Team traps: the question of accountability

Team traps: the question of accountability

“Is this really my responsibility?” Does this sentence sound familiar? If so, most likely you yourself have already been a member of a team where accountability was worth taking into consideration. Perhaps a team which fell into a trap, which they couldn’t free themselves from alone. But why is accountability a pertinent question for teams and what can be done about this phenomenon?  

In recent times, I have started to observe the teams that I have worked with from a different perspective: the quality and dynamics of accountability in teams, what forms it can take, and what other aspects of teamwork it is connected to.

Let us take a look at two different executive leadership teams.

Members of team A are all very competent in their own areas of responsibility. Each individual focuses on the running of their field as well as possible, to maximize their own success with little awareness of supporting each other and of the challenges others are facing. Collective issues are being raised at weekly meetings where actions are defined but not implemented afterwards.

Members of Team B are also very competent in their respective fields and they do their best to succeed on a personal level. BUT in contrast to Team A, Team B members are fully aware of how their areas’ goals contribute to the success of the whole organization and understand how other member’s achievements affect the entire company. They are willing to sacrifice their own immediate goals for the greater good of the team, which means sometimes they are ready to prioritize supporting each other above their own goals. In most instances when they agree on something, it comes to fruition. They manifest it by reminding each other of the agreement and holding each other accountable. If a team member is facing difficulties they are there for him/her, they create an emotional safety net.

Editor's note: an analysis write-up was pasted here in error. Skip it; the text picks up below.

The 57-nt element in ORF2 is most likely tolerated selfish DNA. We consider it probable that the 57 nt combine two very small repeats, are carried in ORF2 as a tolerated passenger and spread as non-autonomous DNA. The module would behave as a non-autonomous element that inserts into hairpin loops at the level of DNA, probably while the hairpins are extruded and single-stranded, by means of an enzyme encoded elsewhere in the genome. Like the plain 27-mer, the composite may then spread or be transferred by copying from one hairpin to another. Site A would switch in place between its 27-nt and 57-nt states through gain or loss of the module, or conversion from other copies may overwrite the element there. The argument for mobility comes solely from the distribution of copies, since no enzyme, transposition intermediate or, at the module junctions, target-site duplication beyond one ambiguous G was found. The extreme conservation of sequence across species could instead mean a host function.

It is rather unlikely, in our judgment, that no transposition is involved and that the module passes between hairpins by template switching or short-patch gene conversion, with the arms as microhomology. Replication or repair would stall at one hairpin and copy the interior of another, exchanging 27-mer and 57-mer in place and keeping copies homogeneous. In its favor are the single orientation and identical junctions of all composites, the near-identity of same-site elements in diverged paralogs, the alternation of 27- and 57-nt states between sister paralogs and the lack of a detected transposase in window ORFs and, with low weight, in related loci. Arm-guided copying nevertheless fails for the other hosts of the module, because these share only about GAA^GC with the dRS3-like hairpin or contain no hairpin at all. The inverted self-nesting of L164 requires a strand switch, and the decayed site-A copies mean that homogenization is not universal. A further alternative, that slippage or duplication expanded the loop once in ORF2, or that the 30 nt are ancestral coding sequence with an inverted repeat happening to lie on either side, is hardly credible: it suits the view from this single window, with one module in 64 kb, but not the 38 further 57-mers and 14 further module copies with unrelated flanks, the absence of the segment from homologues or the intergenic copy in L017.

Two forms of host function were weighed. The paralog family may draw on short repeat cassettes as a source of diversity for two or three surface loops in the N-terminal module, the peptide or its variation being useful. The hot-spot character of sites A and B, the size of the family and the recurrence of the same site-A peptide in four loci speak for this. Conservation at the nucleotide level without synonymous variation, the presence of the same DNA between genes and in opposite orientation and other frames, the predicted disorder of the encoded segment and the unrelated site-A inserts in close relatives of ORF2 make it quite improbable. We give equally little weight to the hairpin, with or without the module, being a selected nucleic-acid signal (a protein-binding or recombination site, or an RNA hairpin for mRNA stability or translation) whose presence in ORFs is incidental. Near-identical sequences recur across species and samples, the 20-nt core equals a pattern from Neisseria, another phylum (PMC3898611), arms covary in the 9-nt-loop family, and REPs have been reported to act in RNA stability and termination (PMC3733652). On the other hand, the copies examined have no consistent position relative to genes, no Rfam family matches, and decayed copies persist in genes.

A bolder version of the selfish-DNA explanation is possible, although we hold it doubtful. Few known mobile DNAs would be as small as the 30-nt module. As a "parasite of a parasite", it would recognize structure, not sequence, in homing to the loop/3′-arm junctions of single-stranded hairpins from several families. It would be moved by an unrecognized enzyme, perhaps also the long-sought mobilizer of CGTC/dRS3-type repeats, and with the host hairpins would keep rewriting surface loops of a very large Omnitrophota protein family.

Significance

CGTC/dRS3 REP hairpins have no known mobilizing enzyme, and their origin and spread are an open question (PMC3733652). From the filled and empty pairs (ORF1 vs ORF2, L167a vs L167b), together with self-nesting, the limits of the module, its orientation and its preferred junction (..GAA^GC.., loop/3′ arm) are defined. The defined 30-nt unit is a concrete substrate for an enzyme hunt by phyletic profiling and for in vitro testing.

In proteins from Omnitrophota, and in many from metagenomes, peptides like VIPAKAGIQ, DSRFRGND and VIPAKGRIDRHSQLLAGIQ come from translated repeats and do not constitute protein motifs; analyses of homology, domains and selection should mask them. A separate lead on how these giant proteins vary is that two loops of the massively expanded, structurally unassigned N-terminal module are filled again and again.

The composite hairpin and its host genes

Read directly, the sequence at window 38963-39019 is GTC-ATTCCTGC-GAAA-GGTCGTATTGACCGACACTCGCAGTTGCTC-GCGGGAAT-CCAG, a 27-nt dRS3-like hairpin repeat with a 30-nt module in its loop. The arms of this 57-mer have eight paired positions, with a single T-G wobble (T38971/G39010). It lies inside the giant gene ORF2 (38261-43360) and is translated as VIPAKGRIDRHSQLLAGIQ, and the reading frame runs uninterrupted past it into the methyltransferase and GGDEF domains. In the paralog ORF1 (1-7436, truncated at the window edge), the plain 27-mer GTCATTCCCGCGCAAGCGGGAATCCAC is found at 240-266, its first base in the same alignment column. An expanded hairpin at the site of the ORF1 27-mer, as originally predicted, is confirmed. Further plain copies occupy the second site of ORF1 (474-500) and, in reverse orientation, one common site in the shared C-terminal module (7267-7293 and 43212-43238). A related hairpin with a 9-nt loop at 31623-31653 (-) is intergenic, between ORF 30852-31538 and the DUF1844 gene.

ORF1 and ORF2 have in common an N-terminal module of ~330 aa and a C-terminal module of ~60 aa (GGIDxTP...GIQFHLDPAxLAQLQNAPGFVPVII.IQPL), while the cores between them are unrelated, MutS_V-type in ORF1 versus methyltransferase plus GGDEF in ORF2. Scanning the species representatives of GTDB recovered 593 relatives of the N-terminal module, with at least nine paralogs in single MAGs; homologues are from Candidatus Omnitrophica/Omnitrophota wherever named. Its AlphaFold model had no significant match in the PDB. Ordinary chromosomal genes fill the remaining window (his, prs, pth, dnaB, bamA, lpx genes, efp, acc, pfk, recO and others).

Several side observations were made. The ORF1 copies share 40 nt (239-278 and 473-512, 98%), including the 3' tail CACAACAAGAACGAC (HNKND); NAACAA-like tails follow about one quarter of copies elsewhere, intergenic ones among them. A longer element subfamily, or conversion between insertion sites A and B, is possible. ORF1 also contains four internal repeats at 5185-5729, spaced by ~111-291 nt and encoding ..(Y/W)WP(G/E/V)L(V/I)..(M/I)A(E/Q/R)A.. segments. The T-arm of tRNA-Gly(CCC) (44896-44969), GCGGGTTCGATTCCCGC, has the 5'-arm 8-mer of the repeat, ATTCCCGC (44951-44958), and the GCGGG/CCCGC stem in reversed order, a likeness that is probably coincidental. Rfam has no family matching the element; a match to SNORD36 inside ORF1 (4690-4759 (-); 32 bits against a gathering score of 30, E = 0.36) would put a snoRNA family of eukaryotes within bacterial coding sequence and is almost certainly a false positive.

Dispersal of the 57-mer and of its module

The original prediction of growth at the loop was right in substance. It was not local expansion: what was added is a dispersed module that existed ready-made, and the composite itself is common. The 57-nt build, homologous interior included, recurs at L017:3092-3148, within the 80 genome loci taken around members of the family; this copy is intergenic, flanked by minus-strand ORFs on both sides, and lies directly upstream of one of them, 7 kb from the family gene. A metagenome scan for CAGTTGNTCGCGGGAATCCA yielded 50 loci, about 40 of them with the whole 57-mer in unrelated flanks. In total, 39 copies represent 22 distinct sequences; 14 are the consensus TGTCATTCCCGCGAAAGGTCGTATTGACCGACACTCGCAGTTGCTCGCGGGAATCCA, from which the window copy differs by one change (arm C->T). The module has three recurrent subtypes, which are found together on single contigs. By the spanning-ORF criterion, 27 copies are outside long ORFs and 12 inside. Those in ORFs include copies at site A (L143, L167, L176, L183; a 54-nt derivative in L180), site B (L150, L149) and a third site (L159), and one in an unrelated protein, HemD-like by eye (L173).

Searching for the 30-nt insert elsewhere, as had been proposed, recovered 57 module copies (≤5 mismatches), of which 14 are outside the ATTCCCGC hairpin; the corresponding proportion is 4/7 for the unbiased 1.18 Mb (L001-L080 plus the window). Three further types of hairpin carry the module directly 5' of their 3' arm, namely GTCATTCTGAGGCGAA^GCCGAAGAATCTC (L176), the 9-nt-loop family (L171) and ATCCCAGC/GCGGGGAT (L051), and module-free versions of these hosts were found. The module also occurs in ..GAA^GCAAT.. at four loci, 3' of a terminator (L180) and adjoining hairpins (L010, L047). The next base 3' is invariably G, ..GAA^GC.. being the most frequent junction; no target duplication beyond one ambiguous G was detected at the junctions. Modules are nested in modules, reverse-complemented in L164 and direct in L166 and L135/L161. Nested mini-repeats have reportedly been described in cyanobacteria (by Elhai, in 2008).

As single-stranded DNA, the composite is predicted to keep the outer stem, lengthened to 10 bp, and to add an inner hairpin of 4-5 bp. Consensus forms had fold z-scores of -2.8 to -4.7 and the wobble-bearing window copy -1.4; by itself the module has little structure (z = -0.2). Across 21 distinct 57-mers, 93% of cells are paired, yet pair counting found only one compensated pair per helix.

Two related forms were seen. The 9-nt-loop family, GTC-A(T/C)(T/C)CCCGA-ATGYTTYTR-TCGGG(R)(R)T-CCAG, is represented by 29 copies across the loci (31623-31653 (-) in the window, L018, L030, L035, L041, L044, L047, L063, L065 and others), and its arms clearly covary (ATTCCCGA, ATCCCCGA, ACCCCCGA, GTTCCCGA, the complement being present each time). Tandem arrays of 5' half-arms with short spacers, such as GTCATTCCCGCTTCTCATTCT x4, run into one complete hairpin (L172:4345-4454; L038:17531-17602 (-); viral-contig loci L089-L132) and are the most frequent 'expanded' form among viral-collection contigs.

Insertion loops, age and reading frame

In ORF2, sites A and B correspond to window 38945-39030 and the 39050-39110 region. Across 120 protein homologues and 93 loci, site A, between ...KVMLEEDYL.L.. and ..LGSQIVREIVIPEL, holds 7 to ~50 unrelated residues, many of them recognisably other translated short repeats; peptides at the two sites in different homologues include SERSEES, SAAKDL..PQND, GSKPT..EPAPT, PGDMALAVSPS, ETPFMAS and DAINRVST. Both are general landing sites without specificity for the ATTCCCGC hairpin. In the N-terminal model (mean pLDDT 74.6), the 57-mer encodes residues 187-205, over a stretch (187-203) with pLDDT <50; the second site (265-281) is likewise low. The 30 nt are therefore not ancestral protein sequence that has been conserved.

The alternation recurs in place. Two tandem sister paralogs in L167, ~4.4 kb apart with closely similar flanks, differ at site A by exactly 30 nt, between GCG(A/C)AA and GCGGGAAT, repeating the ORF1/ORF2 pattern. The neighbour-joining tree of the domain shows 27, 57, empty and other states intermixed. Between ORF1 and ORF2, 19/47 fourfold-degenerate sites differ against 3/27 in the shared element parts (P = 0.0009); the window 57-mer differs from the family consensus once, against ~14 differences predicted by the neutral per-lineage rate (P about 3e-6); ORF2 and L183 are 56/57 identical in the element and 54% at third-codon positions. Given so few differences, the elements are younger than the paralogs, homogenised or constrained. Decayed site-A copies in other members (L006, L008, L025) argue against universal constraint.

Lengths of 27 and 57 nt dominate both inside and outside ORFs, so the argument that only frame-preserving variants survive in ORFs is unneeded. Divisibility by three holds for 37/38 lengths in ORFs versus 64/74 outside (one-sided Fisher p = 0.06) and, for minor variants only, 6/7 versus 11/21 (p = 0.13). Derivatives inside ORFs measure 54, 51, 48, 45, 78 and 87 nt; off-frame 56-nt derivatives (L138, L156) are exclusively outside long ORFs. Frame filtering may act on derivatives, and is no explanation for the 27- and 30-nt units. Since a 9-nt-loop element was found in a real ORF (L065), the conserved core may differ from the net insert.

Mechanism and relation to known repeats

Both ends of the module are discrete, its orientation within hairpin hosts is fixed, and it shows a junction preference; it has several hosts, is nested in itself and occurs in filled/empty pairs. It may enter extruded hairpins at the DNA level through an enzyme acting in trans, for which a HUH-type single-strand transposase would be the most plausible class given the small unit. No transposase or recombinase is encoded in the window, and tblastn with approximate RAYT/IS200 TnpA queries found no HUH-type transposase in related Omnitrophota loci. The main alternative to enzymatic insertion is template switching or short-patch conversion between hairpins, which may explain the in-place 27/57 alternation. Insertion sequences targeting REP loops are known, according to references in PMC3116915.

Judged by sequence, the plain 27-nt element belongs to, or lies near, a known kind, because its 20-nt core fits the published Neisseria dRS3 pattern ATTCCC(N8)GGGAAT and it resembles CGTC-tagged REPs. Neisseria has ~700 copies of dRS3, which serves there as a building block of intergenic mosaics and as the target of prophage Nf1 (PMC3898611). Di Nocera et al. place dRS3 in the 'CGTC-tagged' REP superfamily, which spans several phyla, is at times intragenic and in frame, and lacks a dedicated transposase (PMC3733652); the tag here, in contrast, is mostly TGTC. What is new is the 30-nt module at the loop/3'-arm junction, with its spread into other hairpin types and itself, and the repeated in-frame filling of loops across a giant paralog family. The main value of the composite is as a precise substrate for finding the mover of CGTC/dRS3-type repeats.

Let us examine some of the differences between the two setups:

  • Members of Team A take accountability for their tasks, but accountability as such stays on an individual level and does not go further. They maximize their own success. Accountability for team level issues is not taken. In contrast, Team B members’ accountability does not stop on the individual level, but goes further and covers a team level dimension as well.  Even if it means that the individual is less successful, they are ready to make this sacrifice for the team’s greater good.
  • Accountability of Team B’s members does not only relate to operative team (not individual!) tasks but also includes less tangible aspects (e.g. well being, integration of new members) of results, ie. those soft considerations which are more implicitly related to team performance. If  someone gets stuck, they are there for each other. They have a deep knowledge and understanding that the individual cannot succeed without the team being successful. 

The differences between individual vs team accountability has a major impact on organizational and individual levels. Stay tuned to learn more about this and what can be done about accountability in teams in the following post.

Tamara Szabó

OD consultant, trainer, coach (MCC), team coach

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